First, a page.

Taking Algae Biofuel to the Next Level: Solazyme Gets $45 Million in Funding to Reach Commercial Scale

According to reports, algae biofuel company Solazyme has raised $45.4 million dollars in Series C funding to take their unique algae diesel process to the commercial scale.

Major partners in this round of funding include Braemar Energy Ventures and Lightspeed Venture Partners, who were joined by return backers The Roda Group and Harris & Harris Group.

Solazyme’s novel biofuel production method involves growing algae in the absence of light. In nature, algae use light to make sugar and then make oil from that sugar. Solazyme skips the light part and just feeds their algae sugar to get them to make oil.

As noted in previous posts, this method achieves a 1000-fold increase in productivity and reduces batch processing time from weeks to days.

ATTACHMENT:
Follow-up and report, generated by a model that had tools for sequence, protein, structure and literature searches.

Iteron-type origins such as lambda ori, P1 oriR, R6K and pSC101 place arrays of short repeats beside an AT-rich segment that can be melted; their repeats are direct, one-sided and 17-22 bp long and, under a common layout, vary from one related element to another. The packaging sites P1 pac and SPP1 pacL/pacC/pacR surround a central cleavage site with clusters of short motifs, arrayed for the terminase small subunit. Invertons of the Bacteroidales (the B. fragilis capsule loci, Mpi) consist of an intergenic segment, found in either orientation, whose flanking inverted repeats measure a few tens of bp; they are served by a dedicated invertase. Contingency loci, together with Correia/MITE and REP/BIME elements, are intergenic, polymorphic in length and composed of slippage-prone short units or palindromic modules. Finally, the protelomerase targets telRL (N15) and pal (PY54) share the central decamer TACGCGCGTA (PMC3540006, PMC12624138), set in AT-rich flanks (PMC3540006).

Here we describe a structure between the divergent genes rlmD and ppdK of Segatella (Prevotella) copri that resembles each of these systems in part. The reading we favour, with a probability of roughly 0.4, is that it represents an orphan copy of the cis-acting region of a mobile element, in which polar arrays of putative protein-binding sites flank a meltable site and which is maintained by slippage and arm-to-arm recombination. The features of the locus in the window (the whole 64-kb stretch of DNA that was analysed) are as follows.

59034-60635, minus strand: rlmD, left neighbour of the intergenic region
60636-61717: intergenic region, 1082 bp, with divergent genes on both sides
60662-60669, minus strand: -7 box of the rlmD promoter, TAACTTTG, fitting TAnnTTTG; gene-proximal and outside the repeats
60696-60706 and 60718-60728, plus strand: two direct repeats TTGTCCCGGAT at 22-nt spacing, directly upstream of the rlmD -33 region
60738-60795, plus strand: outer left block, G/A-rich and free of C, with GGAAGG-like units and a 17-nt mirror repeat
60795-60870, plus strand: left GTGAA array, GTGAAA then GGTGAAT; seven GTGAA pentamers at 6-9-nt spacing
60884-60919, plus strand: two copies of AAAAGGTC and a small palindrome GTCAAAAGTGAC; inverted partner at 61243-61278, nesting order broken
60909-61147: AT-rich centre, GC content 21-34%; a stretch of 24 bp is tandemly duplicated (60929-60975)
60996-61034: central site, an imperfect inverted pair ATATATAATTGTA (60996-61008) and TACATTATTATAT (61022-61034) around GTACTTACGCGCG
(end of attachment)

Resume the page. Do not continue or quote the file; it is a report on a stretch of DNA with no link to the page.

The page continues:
Even with these advances it has two obvious issues: questionable amounts of carbon are sequestered in the growing process, and it requires a source of sugar. That source is currently sugarcane, but Solazyme says cellulosic feedstocks could also be used at some future date.

In recent months Solazyme has made some significant advancements including the certification of their proprietary Soladiesel(RD)™ fuel to the strict American Society for Testing and Materials (ASTM) D-975 specifications — meaning it is essentially indistinguishable to normal diesel fuel.

Although Solazyme’s process sounds promising, it hasn’t been clear when Solazyme’s algal diesel will reach commercialization. Other companies have already begun commercial production of algae biodiesel, beating Solazyme to the punch.

With this influx of cash, I’ll be curious to see if Solazyme can finally deliver, and, if so, how their process compares to other algal biodiesel out there when looking at the environmental benefits.

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Source: earth2tech.com (via Biofuels Digest)

Nick Chambers

Not your traditional car guy.